Swatch says it’ll release its smartwatch in the next three months, according to Bloomberg. This strongly suggests that Swatch wants to get a product in the market around the same time the Apple Watch appears in April.
The timing of the release of the new Swatch smartwatch will make it seem like an also-ran. Swatch will be launching its device in the middle of a storm of media and public interest in the Apple Watch.
No doubt Swatch has some iconic power, mostly left over from the grand old ’80s, but it’s already made some crucial strategic errors.
Swatch apparently is not working in the iOS ecosystem, favoring Android and Windows (Windows!).
As far as features go, the details that we’ve seen so far seem to be a direct response to the guts of the Apple Watch.
For instance, reports say that the Swatch Watch will contain a Near Field Communication chip, like the Watch. The Swatch watch will do mobile payments with its NFC chip, but it’s likely that it will rely on a paired smartphone to complete mobile payments — just as the Apple Watch will rely on the iPhone to do Apple Pay transactions. NFC chip maker sources tell VentureBeat it may take a year or more to divorce smartwatches from smartphones to do mobile payments.
And Apple’s Watch will rely on its own tightly integrated mobile payments platform Apple Pay, which is already getting a lot of market experience on iPhones. Swatch has no such experience with smartwatches or otherwise.
Still the market for smartwatches could be large. Citigroup analysts have said the smartwatch market will reach about $10 billion in 2018, and half of those sales will come from people switching over from traditional watches.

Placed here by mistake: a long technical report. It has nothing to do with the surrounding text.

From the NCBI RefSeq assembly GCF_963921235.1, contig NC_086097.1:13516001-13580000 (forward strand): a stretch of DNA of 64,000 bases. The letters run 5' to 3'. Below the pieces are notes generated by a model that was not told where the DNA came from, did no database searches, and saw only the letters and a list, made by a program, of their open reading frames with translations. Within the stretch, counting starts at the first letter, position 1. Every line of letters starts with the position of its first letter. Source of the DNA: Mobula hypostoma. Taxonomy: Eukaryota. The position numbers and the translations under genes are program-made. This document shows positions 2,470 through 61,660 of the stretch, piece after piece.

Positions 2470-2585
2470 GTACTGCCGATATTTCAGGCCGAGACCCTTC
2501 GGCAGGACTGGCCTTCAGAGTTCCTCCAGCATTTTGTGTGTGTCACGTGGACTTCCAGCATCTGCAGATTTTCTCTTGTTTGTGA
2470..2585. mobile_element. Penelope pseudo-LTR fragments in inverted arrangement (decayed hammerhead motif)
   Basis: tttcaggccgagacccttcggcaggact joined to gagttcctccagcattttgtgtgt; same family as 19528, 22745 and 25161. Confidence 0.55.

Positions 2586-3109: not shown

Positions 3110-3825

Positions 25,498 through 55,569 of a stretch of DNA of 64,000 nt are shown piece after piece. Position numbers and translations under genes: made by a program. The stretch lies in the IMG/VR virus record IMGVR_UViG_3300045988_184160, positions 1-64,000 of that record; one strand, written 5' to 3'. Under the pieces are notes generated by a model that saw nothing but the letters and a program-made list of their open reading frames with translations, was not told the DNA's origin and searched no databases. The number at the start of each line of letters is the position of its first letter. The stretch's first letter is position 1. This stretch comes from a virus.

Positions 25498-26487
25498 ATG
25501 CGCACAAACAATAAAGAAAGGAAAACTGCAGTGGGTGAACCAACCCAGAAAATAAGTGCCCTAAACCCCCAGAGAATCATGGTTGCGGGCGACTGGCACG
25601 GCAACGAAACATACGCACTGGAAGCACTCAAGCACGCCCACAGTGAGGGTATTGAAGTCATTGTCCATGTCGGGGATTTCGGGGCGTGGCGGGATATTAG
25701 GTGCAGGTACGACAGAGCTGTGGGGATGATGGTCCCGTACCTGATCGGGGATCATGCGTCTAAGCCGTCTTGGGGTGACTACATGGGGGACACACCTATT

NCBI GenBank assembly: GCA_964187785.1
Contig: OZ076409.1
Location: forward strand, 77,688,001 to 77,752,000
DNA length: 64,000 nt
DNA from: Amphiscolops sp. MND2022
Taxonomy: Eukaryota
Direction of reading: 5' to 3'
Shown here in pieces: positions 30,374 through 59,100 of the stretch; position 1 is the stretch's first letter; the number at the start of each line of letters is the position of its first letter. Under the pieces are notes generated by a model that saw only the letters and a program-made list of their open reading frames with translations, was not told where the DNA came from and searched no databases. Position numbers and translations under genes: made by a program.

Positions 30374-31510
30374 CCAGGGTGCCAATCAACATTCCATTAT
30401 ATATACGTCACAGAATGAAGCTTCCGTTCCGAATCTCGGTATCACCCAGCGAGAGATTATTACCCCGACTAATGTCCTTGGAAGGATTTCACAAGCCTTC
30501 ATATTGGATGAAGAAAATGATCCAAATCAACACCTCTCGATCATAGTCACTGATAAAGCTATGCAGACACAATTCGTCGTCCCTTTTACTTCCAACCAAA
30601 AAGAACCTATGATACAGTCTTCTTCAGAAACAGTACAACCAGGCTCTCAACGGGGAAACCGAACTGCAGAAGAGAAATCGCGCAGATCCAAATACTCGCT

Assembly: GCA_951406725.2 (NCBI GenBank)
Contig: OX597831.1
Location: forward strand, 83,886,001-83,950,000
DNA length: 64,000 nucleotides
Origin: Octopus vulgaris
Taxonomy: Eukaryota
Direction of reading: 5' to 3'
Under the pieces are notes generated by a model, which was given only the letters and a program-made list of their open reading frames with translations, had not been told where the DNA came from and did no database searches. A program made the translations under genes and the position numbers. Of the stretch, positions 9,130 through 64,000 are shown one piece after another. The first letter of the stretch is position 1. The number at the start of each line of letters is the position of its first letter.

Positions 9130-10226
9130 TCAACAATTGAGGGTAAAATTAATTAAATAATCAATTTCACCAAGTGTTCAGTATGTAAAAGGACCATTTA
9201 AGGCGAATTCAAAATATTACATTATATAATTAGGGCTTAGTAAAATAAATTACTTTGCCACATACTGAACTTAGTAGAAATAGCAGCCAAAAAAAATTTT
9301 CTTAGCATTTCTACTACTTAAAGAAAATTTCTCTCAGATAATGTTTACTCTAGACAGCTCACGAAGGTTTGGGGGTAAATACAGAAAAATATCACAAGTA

The Apple Watch will sell for $349 and up. Apple has always played in the higher price ranges with its products, and the Watch is no exception. Swatch may be able to find an opening if it sells its smartwatch in the $200 range.
And Swatch does have lots of experience building super-thin batteries for watches. Swatch CEO Nick Hayek says companies in his group are developing new batteries that could double the battery life of smartwatches in the next two years. It also has a division that makes the tiny touchscreens for watches.
But Swatch is an old-school Swiss watchmaker struggling to make peace with a very new paradigm. In fact it was wasn’t too long ago that its CEO, Nick Hayek, had a change of heart on smartwatches. Before that he downplayed the new category, saying repeatedly that people really want luxury watches (perhaps with some “smart” features built in). He also expressed concerns about the ability of users to interact with screens that small.
These are all completely legitimate ideas. The fact is, nobody knows yet how the market will accept future generations of smartwatches.
The point is that when a company’s CEO finally throws his weight behind a product category just months before the market leader (Apple) is set to announce its flagship product, the internal culture in a huge group like Swatch can’t be firing on all cylinders when it comes to designing and building a killer smartwatch.
And the result of this hesitation will show up in Swatch’s product when it finally appears.